I have it on good authority, but off the record, that three young men were recovered from the last compartment opened on the West Virginia. By match light they had marked off the days on a calendar through December 23rd. The Navy has decided never to identify them. They will be officially listed as Killed-In-Action, December 7, 1941.

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[History repeats itself, sometimes only months apart.]

I entered one important looking tent and found staff officers huddled over local maps, noting positions of subordinate units and updating strength and supply tables for each. More senior officers were working around a smaller table. They had laid out another map, not of Kyushu, but of southern Okinawa. I was familiar with the area, from watching men train there. These officers knew it better, from watching men die there.

The 77th and the 81st infantry divisions had yesterday been repulsed, with tough losses. They were trying to jump from one line of anonymous hills and high paths over onto a larger set of named peaks and ridges. The 77th had tried the same thing on a smaller scale on Okinawa and also failed on the first several attempts.

Dead and injured were still being collected from yesterday, but the new attack would not wait. They were to go again this morning, with a new plan based on old lessons. Rain was predicted to continue for a third day, but that too was just like on Okinawa.

The Navy was called in to Kagoshima Bay to support with big guns. Once the attack started they would not fire on the mountainsides which our soldiers were attacking. They would plaster the reverse slopes, where it was expected Japanese defenders were only shallowly dug in. So long as they stayed hunkered down, American teams could work methodically through the valley between the two high lines.

Noise of the renewed assault was thick and loud by the time I went up with an observer from the headquarters unit. Engineers had worked through the last two days and nights to clear rough roads through and over the forested hills. Softer parts of the road were corduroyed with felled logs, brutal riding in a round-wheeled jeep. We came out onto one of the sharper peaks, dodging a hard working bulldozer to make the top.

Heavy tanks and larger self-propelled guns had been established on most such local peaks, owing much to extreme engineering effort. More than one had been left stuck, or had simply fallen right through the edge off of a waterlogged embankment.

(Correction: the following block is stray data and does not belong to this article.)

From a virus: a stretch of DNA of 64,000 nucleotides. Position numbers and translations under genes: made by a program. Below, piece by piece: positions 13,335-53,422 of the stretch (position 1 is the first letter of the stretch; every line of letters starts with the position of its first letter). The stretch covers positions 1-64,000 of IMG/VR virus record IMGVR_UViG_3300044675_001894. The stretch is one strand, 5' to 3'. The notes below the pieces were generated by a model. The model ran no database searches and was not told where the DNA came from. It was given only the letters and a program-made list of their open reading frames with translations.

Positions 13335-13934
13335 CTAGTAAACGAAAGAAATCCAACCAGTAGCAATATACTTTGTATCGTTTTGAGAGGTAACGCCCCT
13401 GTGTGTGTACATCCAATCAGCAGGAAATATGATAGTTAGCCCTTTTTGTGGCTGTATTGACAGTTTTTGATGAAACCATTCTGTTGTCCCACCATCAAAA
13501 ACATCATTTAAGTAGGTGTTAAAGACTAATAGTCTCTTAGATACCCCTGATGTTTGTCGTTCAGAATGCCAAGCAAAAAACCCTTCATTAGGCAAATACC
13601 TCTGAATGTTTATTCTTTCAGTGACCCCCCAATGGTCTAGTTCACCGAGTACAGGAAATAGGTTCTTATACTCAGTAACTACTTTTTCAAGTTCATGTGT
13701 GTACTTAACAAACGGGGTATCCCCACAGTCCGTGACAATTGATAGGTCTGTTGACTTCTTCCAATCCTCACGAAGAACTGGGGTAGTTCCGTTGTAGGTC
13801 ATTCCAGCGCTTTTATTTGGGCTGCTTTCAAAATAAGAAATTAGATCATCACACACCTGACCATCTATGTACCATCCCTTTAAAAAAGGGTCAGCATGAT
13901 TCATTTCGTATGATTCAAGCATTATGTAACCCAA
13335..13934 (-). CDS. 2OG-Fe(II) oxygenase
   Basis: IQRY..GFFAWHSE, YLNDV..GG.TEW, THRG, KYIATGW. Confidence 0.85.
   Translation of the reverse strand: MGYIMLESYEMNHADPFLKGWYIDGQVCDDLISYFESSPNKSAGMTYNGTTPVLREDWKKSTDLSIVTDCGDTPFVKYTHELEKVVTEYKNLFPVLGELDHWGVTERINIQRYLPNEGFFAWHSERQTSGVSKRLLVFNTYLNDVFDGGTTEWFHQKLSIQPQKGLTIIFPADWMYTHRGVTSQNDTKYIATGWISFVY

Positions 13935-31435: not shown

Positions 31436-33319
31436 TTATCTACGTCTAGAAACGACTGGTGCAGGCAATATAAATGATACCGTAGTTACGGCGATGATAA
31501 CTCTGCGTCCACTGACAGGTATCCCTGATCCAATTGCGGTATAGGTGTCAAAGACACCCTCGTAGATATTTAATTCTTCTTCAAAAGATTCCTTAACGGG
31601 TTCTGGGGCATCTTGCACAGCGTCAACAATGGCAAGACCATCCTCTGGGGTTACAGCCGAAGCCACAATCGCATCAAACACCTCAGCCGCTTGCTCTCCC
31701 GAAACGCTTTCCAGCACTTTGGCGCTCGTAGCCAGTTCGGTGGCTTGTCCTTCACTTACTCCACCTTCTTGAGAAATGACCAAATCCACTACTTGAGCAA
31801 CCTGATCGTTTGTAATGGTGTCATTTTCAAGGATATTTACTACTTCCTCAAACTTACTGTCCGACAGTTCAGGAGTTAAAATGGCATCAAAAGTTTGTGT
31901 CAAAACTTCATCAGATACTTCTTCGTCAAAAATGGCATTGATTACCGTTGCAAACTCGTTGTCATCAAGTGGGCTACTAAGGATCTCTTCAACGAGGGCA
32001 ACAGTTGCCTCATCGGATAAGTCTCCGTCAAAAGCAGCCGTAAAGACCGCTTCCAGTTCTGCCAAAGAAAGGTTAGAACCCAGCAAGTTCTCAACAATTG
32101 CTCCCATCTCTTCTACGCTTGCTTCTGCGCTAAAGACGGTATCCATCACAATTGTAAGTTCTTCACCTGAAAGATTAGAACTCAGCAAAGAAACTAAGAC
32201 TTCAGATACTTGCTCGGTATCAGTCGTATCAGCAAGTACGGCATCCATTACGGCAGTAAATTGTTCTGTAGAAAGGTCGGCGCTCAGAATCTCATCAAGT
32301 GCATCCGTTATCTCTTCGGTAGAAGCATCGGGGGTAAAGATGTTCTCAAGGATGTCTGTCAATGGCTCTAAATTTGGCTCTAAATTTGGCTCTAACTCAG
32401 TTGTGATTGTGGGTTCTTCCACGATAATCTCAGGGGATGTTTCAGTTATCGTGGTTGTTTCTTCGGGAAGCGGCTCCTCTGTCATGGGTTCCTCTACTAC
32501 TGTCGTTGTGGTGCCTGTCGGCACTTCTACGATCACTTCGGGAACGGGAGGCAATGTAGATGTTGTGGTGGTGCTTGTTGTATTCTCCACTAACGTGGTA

Our tanks would be static guns for the day. They could depress their guns better than the heavy howitzers, firing directly down into the valley. Down in that valley mixed teams of tanks and liberally equipped infantry worked along the valley at a dead slow pace. They could rarely be seen.

Usually we could only track American progress by the smoke and dust made by their magnanimous application of firepower. When one of the smaller tanks came forward, there was no mistaking the sight of its long range flame thrower scorching a substantial patch of the mountain.

The opposing ridge was rugged and wavy, with many deep crevices in the near side. Each crevice was treated as a new objective, soldiers climbing up the near edge, before tanks turned into it as the men moved around the edge. Steady rain kept visibility short and footing haphazard.

Japanese guns waited for good targets and opened up only when the side of a tank or a cluster of men presented themselves, which was often. The Japs took a toll on the approaching soldiers and armor, often firing from close range where the covering guns on our side of the valley could not safely engage them. More than once the American GIs simply backed up and waited for friendly guns to pulverize the threat, before rushing the position with grenades and charges.

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I made reference back on the 7th to the Pearl Harbor attack of 1941. For me this date, December 24th, Christmas eve, will always remind me more of that horrible fateful day. Because the destruction from the attack didn’t end on the 7th. One story of loss will stick with me. On December 8th tapping was heard from deep inside the partially sunk battleship West Virginia, where some number of men were trapped deep below deck. On December 24, 1941, the tapping stopped.